The subplots tie into “Dead Man Running’s” main theme. In helping his mother Debbie out of a jam, Ralph learns she’s been lying to him his whole life, protecting him from the pain he felt when his father left by telling him the men he’d accepted as family all died. As with Frost and Ramsey, Ralph’s anger is a mask for his hurt, and it’s in having an honest conversation with his mother that he’s able to heal, and to help her heal as well. Iris keeps the truth about Allegra’s investigation from her because she doesn’t want to introduce a girl just getting her life started to the concept of infinite Earths and the Crisis that threatens them, but she ends up losing the trust of someone who needs her. Iris’ answer isn’t quite as forthcoming as Barry’s and Debbie’s; she just asks for some faith. The only one who refuses to trust others with the truth is the newest version of Harrison Wells. This time, Wells is an adventurer from another Earth, and he’s looking for something called Eternium. And despite a barrage of questions and offers of help from Iris and Cisco (and, to be fair, some threats), Wells disappears in a literal puff of smoke. What he’s really up to – outside of debunking religions – isn’t yet clear, but it’s a safe bet he’ll need to let Barry and friends in if he’s going to pull it off.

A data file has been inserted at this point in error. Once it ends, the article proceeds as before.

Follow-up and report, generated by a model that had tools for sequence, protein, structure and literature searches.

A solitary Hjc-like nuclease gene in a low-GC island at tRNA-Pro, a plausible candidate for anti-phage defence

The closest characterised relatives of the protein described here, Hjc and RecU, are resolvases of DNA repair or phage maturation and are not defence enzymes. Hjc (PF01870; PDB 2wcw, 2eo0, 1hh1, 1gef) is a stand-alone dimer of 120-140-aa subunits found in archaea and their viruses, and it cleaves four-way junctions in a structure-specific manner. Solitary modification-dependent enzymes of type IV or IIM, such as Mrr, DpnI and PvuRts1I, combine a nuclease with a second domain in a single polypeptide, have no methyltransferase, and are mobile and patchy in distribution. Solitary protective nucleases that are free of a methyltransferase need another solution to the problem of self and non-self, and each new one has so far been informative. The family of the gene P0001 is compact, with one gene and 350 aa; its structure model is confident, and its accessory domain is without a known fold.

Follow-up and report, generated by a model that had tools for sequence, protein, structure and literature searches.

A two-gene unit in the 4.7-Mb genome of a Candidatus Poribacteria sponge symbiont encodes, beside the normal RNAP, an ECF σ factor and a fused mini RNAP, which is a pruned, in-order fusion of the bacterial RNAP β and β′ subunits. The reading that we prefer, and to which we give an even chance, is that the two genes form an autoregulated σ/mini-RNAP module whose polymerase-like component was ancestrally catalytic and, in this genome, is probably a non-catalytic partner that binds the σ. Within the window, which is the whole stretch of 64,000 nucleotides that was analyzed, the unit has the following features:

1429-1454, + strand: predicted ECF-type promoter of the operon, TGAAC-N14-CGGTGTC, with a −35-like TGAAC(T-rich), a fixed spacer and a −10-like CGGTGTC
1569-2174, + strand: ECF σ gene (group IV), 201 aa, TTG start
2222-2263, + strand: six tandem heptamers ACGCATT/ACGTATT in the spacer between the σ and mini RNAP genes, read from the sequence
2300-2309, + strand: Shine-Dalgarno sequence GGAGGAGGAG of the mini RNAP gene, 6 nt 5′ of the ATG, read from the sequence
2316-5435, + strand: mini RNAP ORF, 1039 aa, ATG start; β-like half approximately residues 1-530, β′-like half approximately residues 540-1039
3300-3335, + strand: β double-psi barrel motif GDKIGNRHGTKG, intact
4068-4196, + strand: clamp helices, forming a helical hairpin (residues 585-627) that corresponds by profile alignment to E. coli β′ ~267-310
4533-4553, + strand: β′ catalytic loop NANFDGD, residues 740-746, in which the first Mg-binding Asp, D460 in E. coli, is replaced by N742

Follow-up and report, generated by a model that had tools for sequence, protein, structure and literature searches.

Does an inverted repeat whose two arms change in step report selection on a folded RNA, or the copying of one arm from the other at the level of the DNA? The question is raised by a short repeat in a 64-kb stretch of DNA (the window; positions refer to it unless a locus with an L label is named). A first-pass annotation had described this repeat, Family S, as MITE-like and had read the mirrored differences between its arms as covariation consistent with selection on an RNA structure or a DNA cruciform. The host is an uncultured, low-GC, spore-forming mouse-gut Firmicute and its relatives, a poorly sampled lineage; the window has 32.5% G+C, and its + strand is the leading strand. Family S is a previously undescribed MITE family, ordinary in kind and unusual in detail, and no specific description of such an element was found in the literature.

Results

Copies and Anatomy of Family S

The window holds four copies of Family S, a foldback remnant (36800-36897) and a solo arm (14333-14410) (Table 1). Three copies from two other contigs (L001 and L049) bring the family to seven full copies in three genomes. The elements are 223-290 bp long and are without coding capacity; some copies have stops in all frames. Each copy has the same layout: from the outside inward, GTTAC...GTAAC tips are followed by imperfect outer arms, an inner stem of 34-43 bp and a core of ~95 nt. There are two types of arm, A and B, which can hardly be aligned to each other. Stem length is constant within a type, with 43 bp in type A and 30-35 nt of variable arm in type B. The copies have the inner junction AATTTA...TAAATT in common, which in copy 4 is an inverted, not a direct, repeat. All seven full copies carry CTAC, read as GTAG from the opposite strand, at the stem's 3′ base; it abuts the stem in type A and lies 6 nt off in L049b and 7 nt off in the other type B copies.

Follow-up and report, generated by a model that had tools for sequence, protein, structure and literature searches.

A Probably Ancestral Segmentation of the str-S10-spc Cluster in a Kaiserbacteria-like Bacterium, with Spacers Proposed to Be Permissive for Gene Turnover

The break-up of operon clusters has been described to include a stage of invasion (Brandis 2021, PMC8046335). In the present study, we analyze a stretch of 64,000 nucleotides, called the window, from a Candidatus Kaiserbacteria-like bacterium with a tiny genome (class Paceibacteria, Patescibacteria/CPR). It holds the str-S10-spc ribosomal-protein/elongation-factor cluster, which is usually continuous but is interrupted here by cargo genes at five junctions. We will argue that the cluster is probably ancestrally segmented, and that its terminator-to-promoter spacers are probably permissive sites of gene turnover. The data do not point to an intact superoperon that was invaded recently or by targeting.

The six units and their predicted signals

Dead Man Running, The Flash, Wells